Google has a feature for logged in users called SafeSearch. By default, Google’s Safe Search is set to moderate. Using the default moderate Safe Search setting will help keep explicit images out of your search results. Change your SafeSearch setting to strict to enable searching of explicit text and images, follow the directions below.
Setting Up Google’s Strict SafeSearch
Login to your Google account
In the upper right-hand corner, click on Settings > Search settings
Scroll halfway down the screen and select Use strict filtering (Filter both explicit text and explicit images) AND select Lock SafeSearch
Select Save Preferences – at the bottom right-hand corner of the page
To confirm that SafeSearch strict is locked, go to Google and search. You should see an image featuring a set of large yellow, green, red and blue balls on the right side of the search screen. This verifies that your strict SafeSearch is on.
Internet Safety is the Job of Parents
Don’t you just LOVE the old school computer? This is my Z, 5 years ago. How computers change. I mean, the mouse was a WIRE and the monitor is BULKY!
While this handy tool, assists in aiding against kids viewing inappropriate content, internet safety is the job of parents. Keep a frequent eye on your internet history, and temporary internet files to ensure that only what you want to be seen is viewed on your home computer.
Read more about Internet Safety.
This was originally posted on 12/21/2010. Today this video has generated over 10 million views. Keep spreading the good word and Merry Christmas!
What if the Christmas Story took place in 2010? Would Mary and Joseph be on Facebook? What if Mary had an iPhone and a Joseph had a gmail account? What if Google maps could lead the way? What if Mary & Joseph could check-in on Four Square?
Mary & Joseph in Modern Times
This is the modern nativity story, or the Christmas story shows how social media would have changed how Jesus’ birth would of been announced.
Check out these 2 video stories featuring what if’s in regards to the Christmas Story if it happen today. They’ve taken what we have available today to make this timeless story of Jesus’ birth something we all can relate to.
The Digital Story of the Nativity
How social media, web and mobile tell the story of the birth of Christ. I love the creativity put into this and seeing the Christmas story told through Facebook, Twitter, YouTube, Google, Wikipedia, Google Maps, Gmail, Foursquare, Amazon. I hope that they keep re-creating this each year with each new social media and online trend. This is a story that everyone should know, but told this way makes it totally relatable.
We are tracking views of this viral video:
2,745,431 views – 12/21/10
12,046,761 views – 12/12/12 – peaked.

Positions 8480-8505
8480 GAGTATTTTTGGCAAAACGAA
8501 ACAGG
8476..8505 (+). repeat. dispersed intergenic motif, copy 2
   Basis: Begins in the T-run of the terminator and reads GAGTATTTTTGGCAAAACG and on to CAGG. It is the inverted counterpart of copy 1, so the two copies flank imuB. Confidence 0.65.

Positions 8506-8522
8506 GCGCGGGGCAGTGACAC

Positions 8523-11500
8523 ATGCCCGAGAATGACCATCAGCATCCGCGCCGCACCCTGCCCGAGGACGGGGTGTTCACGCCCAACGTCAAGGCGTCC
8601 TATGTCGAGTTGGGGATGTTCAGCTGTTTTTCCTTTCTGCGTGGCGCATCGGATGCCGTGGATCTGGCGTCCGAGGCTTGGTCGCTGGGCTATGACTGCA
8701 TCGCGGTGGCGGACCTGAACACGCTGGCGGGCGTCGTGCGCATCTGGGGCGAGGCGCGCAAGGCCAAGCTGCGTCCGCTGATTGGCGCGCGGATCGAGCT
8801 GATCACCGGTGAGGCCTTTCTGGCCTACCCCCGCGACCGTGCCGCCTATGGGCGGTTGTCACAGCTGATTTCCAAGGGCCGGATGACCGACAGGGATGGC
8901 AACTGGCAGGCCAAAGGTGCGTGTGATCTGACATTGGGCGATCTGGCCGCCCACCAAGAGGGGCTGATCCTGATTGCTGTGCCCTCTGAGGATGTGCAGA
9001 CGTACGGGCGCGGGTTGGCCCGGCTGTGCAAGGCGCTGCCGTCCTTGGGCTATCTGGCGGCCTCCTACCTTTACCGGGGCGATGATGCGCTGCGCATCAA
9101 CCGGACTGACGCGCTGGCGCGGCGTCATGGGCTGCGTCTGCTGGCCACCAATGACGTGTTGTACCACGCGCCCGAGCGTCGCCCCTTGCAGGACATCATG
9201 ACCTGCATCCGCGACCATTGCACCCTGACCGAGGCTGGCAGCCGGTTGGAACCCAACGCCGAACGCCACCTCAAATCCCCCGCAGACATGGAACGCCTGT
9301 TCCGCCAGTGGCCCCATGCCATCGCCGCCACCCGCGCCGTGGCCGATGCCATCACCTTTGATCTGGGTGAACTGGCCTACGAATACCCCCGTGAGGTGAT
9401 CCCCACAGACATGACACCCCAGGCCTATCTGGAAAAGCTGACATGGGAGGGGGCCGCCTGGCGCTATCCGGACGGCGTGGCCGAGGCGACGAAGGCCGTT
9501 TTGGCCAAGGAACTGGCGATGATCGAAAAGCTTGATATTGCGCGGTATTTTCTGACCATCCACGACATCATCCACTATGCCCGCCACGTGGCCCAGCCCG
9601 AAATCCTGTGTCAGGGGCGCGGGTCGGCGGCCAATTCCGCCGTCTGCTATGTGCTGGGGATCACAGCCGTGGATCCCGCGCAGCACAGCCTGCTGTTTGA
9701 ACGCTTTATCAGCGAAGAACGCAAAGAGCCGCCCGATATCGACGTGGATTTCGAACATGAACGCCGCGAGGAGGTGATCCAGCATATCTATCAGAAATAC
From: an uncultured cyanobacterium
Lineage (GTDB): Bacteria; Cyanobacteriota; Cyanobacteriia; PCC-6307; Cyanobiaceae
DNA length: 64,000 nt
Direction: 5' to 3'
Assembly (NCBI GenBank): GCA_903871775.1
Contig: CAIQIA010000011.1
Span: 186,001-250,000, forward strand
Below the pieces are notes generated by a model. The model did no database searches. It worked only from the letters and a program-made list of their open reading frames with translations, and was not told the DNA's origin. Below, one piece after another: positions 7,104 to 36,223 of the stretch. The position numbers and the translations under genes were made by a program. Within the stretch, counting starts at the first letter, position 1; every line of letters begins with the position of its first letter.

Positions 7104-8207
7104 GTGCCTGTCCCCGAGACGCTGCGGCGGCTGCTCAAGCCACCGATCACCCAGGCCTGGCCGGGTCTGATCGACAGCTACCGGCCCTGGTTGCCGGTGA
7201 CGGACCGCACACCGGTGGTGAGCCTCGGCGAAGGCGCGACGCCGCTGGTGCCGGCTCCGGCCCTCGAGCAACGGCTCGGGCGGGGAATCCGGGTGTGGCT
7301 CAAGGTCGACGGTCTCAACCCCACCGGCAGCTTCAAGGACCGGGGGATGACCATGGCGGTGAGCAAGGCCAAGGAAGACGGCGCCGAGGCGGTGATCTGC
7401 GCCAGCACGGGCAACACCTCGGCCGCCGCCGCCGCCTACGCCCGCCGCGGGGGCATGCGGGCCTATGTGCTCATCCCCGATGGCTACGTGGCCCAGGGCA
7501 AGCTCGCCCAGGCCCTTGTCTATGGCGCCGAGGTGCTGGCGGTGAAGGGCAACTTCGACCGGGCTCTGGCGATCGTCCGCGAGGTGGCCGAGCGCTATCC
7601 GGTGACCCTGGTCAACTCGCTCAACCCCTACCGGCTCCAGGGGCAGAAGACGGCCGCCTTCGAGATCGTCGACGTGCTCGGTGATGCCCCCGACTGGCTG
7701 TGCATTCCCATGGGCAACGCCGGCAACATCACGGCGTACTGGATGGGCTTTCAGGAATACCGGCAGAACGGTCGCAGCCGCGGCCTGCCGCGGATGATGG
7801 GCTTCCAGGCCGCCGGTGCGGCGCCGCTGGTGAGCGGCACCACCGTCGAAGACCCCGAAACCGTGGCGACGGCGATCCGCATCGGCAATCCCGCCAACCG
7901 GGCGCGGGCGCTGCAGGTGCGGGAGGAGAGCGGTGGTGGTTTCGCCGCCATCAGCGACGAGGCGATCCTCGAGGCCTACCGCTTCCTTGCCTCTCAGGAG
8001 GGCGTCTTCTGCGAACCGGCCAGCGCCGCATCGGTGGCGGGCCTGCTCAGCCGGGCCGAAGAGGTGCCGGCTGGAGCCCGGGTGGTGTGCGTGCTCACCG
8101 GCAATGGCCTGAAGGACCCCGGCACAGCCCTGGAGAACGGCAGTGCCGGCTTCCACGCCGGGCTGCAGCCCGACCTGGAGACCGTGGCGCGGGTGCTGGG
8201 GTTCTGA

12,554,253 views – 10/15/14
A Social Network Christmas
We are tracking views of this viral video:
280,659 views – 12/21/10
1,628,655 views – 12/12/12 – peaked
1,855,593 views – 10/15/14
A Social Network Christmas is another version of the Christmas story, but with a creative twist. This video is an artistic take on how the story of the nativity might have read had a social network existed at the time of Jesus’s birth. Follow this historical period as it unfolds as a digital narrative. This vignette is great for highlighting the truths and circumstances of our Savior’s birth in a fresh, unique way.
If you’d like to contact my Mom, she’s cruising her AOL account or anxiously awaiting a *DING* on AOL instant messager. Yes, my Mom is NOT TECH SAVVY. She knows it. She is TRYING to adjust to the gmail my Sister and I setup for her. Someday, she’ll get Google Docs. We will move that business of her from snail mail to the digital age. It just takes time.
In all honesty, my Sister and I probably are the worse people to try to teach her. We’re impatient with good ol’ mom. We talk way too fast (and though we look nothing alike, our voices and lingo are just about identical), have no patience and well maybe teaching isn’t our gift, nor is tech support.
So What Are 2 Tech Savvy Daughters To Do About Our Non-Tech Mother?
(This is where Google goes from brilliant to GENIUS).
Apparently, there is a HUGE need for moving the older generation online and educating them in the way of tech. Google recognizes this. They understand people need to get it. They know that daughters and sons are attempting to teach parents how to do things (like copy and paste) and they’ve created a possible solution.
Google has created several easy how to videos covering the basics that your parents may ask about. Sure, there are a lot of Google product tie-ins, but let’s face it… Mom and Dad NEED to know how to use Google products. On the teachparenttech.com website, you can send your parents a virtual tech support care package. You fill in who the care package is for, choose videos to send Mom and then *BOOM*. A cute email is created and sent to your Mom or Dad with how-to videos.
Here are the multitude of videos Google has created over various topics.
World Wide Web
BRILLIANT! Thanks GOOGLE!
Are your parents tech savvy, or are they still stuck on AOL?